Alberta getting nudged off center-stage as tax hikes prompt big E&P companies to shift capital spending to United States
The verdicts are rolling in for Alberta’s proposed new royalty regime as the leading E&P companies take the wrapping off their 2008 capital budgets.
But, in the process, those companies are reinforcing a number of deeper, more troubling elements.
It’s well understood that conventional oil and natural gas reserves in Canada’s energy storehouse are depleting.
Similarly, the costs of labor, materials, oilfield services and municipal property taxes are becoming a deterrent.
The end result is bad news for a province that has relied heavily on the petroleum industry to compile 15 years of deficit-free budgets and wipe out its debt.
Without the oil sands and the prospect of some growth in unconventional gas prospects over the longer term, Alberta would be in a fix.
The message for the province is loud and clear: It can no longer take its future for granted and operate on cruise-control.
Companies decisively scaling backForget the earlier industry bluster and posturing. Companies are decisively scaling back their spending in Alberta, and, where they can, heading for Saskatchewan, British Columbia and the United States.
ARC Financial chief energy economist Peter Tertzakian said that “from a capital spending perspective, the current contraction (across Canada) … is the most severe in at least 20 years, especially in Alberta. In 2008, the resiliency of oil patch veterans will be tested.”
ARC estimates that Canadian conventional oil and gas spending (the bulk of which usually ends up in Alberta) will tumble to C$25 billion next year from about C$30 billion this year and the benchmark C$38 billion in 2006.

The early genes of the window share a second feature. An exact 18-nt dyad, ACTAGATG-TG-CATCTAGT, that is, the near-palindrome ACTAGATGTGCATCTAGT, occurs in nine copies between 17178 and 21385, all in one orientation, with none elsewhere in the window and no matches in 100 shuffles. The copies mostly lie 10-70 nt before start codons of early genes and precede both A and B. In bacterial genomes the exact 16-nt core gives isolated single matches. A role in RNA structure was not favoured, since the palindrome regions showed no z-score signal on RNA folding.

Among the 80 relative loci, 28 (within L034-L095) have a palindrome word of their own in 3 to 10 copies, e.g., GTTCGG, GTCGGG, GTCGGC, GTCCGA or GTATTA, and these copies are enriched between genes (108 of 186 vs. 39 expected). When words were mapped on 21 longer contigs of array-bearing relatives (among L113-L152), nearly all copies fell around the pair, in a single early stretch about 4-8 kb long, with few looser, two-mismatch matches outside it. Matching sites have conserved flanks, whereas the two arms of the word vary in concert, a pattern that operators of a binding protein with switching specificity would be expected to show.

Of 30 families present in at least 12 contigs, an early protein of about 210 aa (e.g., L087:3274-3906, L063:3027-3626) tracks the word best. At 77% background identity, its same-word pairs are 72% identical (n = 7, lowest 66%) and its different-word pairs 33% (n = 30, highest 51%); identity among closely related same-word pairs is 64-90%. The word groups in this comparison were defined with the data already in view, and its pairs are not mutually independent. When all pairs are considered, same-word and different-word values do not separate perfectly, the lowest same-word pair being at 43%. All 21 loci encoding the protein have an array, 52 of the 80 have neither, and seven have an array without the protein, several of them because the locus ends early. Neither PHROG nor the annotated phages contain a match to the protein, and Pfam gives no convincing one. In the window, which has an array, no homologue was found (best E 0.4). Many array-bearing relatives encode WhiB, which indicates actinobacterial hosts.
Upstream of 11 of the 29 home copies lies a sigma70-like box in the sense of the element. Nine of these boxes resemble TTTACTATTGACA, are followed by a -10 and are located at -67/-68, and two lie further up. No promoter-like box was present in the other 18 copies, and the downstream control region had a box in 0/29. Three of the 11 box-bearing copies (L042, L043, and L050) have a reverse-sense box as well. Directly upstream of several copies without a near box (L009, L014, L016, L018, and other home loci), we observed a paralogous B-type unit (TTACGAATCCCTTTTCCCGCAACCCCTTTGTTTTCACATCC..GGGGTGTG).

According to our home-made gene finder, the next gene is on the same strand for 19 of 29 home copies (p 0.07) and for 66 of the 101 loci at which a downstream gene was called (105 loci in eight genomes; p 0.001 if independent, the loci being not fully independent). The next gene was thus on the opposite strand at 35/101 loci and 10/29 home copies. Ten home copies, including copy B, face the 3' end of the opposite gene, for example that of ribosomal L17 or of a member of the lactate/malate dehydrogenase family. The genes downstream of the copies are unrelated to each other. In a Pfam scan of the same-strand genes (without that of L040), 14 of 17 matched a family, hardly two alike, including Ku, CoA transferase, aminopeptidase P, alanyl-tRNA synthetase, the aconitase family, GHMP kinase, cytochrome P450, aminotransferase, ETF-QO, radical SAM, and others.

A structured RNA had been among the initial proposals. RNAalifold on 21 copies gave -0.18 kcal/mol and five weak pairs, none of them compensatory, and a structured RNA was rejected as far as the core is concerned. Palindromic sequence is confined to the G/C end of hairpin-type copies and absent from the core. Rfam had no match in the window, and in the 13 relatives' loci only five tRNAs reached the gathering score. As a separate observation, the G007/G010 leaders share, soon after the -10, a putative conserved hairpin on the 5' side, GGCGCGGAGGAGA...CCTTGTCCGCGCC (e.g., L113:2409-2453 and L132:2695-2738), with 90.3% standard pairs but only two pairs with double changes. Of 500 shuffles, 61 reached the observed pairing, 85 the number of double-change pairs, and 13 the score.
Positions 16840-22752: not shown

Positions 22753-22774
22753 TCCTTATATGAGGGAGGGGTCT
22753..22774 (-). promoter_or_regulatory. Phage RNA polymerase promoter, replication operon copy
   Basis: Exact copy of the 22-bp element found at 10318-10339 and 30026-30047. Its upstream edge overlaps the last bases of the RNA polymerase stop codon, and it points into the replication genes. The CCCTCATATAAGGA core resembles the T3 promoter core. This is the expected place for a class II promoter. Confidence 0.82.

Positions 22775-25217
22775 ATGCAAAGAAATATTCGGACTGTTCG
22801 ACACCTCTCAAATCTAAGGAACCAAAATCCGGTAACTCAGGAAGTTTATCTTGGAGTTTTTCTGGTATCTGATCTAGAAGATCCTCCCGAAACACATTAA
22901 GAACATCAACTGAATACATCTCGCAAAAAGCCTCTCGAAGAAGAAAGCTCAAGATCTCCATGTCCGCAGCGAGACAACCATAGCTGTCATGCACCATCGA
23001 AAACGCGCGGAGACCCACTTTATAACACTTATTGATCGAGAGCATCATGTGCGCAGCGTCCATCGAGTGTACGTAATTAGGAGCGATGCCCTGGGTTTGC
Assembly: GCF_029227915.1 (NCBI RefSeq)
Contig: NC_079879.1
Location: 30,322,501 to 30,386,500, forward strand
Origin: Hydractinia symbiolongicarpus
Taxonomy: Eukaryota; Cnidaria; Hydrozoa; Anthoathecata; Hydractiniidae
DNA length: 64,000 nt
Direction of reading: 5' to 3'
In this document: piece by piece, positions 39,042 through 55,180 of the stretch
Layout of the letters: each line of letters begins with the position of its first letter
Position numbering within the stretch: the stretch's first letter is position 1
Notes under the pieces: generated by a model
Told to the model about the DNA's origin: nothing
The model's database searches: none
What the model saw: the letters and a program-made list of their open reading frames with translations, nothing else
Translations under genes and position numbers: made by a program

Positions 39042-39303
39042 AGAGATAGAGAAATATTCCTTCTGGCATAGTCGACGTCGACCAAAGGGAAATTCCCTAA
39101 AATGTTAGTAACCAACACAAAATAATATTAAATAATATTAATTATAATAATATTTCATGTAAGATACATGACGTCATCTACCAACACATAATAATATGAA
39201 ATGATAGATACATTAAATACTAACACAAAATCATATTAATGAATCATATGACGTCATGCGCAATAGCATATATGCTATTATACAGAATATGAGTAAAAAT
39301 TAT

Richard Grafton, vice chairman of investment banker Canaccord Adams, said Alberta is “not really a place” where investors want to risk their exploration money because the upside is gone.
He said next year will be a difficult time for service companies, while mergers among trusts and juniors and North American credit issues will add to the woes.
The consensus among many industry observers is that failing a rebound in gas prices by early next year there will be a sweeping round of layoffs.
There is now little doubt that companies will punish Alberta for reworking its royalties by either staging a retreat in the province, or, where they can, heading to Saskatchewan, British Columbia and the United States.
EnCana to spend C$500 million less in AlbertaThe clearest judgment on the state of the Alberta industry was delivered Dec. 12 by EnCana, which said its overall spending in Alberta in 2008 would be C$500 million less than it would have been under the existing royalty regime, dragging its Canadian drilling activity to a “very low level.”
The big independent had once threatened to withdraw C$1 billion from its Alberta budget next year, but scaled back because the government’s own framework was “less onerous” than the recommendations made by its royalty review panel, particularly scrapping a proposed oil sands severance tax.
Chief Executive Officer Randy Eresman said spending on Alberta gas projects and oil sands delineation drilling has been cut to “reflect the recent erosion of economic returns.”